The YMCA is known for affordable exercise opportunities, a 1970s hit song and after-school care for kids in school. But, beyond those aspects are people who are working toward changing lives through vibrant programs that enrich communities.

Photo By Matt Williams


Most people do not know the name, Victor Edward Willis. Nor could they understand how he dressed.

But, the lead singer of The Village People, that late-1970s few-hits wonder disco group whose biggest hit regaled about the Young Men’s Christian Association, was not singing about leadership groups, athletic goals or mentoring sessions in their 1978 hit song, “Y.M.C.A.”

Ben Carril works with a student at the YMCA. Photo by Matt Williams ___________________________________________

Ben Carril, an alumni of Missouri Baptist University and a Team Program supervisor for the  St. Louis area YMCA, known as the Gateway YMCA, is thinking about the real-world needs the current “Y” fills every day in the St. Louis community.

“At the YMCA we work with kids who are not being reached normally. We specifically focus on youth development, social responsibility,” said Carril.

After earning a degree in psychology, Carril began working for the YMCA in August of 2017 and knows the unique position of the organization, which was founded in 1844 as a  response to unhealthy social conditions arising in the big cities at the end of the Industrial Revolution.

“Our programs have an extra step closer to the kids than even the teachers. When we work with students in schools we have the chance to communicate on a personal level about character and morals,” said Carril.

Carril’s department, community development, offers nine unique programs and the branch, Health and Wellness Outreach, offers 26.

Some of these programs include after-school care, fitness programs, leadership programs and even a financial program called, “Money Makers.”

“At the YMCA we look for opportunities to be a resource where that skill or value might be lacking in their lives,” said Carril.

These programs make real change, as indicated in one testimony.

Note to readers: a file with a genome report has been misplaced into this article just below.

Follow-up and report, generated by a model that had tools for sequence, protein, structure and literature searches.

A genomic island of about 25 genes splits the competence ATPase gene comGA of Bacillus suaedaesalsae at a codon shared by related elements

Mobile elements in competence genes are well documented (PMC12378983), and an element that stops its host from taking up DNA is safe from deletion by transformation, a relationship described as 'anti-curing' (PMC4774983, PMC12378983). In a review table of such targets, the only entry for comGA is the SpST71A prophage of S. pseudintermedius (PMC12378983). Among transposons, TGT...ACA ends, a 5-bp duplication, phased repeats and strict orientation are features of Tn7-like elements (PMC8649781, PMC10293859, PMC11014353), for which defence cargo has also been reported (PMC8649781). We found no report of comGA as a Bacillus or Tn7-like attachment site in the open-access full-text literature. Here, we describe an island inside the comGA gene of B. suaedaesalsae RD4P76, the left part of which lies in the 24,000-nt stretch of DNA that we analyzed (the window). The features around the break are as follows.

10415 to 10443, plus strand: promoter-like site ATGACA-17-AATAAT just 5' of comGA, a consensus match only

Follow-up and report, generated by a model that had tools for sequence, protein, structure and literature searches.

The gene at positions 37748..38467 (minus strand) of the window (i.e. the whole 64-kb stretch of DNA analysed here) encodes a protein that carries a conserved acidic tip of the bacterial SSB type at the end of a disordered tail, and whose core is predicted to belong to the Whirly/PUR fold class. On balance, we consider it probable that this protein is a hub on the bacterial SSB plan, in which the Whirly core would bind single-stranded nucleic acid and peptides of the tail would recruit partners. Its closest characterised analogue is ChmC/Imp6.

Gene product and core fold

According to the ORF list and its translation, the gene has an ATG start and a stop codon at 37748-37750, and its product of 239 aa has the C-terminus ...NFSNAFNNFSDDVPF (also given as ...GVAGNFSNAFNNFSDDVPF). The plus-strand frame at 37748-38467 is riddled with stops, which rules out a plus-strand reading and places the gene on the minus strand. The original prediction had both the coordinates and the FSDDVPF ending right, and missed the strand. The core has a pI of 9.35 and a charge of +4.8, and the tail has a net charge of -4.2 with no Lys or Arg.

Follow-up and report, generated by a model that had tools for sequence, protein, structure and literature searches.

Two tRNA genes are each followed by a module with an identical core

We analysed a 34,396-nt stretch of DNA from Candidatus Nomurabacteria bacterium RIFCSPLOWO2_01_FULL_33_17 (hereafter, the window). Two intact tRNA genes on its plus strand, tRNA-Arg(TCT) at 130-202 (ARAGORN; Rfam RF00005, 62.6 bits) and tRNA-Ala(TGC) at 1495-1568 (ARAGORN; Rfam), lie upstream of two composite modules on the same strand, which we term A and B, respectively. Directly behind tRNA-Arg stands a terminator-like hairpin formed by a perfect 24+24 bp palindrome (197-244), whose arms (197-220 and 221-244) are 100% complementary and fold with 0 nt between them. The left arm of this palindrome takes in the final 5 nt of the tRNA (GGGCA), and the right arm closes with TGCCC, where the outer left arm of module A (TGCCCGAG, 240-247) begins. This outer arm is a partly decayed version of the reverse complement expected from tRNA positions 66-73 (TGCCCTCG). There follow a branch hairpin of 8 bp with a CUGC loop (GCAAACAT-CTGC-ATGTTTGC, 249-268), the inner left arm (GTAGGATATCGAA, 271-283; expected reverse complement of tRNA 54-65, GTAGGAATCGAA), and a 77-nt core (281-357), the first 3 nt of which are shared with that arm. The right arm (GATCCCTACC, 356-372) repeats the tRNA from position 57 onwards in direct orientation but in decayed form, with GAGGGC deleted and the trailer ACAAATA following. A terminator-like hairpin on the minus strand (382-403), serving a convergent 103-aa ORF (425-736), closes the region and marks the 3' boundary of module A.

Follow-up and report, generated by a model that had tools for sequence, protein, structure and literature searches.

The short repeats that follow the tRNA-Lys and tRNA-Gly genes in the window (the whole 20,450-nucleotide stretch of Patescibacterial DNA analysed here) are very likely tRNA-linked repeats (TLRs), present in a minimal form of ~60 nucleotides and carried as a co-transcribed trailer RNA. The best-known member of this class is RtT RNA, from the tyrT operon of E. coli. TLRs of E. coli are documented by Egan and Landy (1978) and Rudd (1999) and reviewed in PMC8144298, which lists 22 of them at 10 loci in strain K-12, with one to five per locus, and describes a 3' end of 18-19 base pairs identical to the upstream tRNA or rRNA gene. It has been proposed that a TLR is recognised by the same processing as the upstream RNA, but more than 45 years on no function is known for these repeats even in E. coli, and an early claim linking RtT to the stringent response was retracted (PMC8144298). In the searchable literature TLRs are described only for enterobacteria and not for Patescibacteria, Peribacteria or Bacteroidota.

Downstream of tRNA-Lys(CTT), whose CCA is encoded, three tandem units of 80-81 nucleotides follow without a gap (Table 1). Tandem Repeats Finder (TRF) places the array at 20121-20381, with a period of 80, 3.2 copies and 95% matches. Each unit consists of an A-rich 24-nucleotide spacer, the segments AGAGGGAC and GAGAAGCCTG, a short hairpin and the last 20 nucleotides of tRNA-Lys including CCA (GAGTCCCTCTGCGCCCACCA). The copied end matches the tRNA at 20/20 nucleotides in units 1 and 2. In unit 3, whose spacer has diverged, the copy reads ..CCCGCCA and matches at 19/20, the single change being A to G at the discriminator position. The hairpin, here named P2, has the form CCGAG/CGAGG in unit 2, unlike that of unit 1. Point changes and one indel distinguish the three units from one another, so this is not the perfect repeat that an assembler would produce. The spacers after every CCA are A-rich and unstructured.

“One boy, I’ll call him Mark, seemed as the bully at first, but after six months we learn he is being bullied. Through this, we have been able to work with home and help him gain a new perspective on how to treat people and how to manage anger,” said Carril.

Mark was a part of what the YMCA calls their Leaders Program, which is a program built on conversations about culture, news and what it takes to be a leader.

“Through the Leaders Program we are trying to stretch them with conversations that they might not have in school. For example, one day we sat and discussed the Florida school shooting. After that we broke down what anger is and how it can be appropriately handled,” said Carril.

These conversations are necessary for students the YMCA reaches.

On the YMCA website they describe the leadership program by saying, “Leaders Clubs help develop youth ages 12 to 18 as leaders, while fostering a culture of service. With adult advisors, teens have role models and mentors who can have a positive impact on their lives as they grow in their desire and ability to be a positive force in the community.”

Carril works for the Health and Wellness Outreach Department of the Gateway YMCA Community Development branch.

“Supporting the YMCA is investing in more than just cheap alternatives to things you can get elsewhere, it is investing in the future of the community,” said Carril.

By Matt Williams

Matt Williams, Staff Writer of MBU Timeline, is a sophomore pursuing a major in communication studies as well as a minor in Journalism. Matt is the founder of the not for profit corporation Matt’s Hats. Matt is an avid health food junkie and Steve Jobs fanatic. He hopes to work with companies in their marketing and communications department. His real passion is found in building meaningful company brands, that help people in their everyday lives.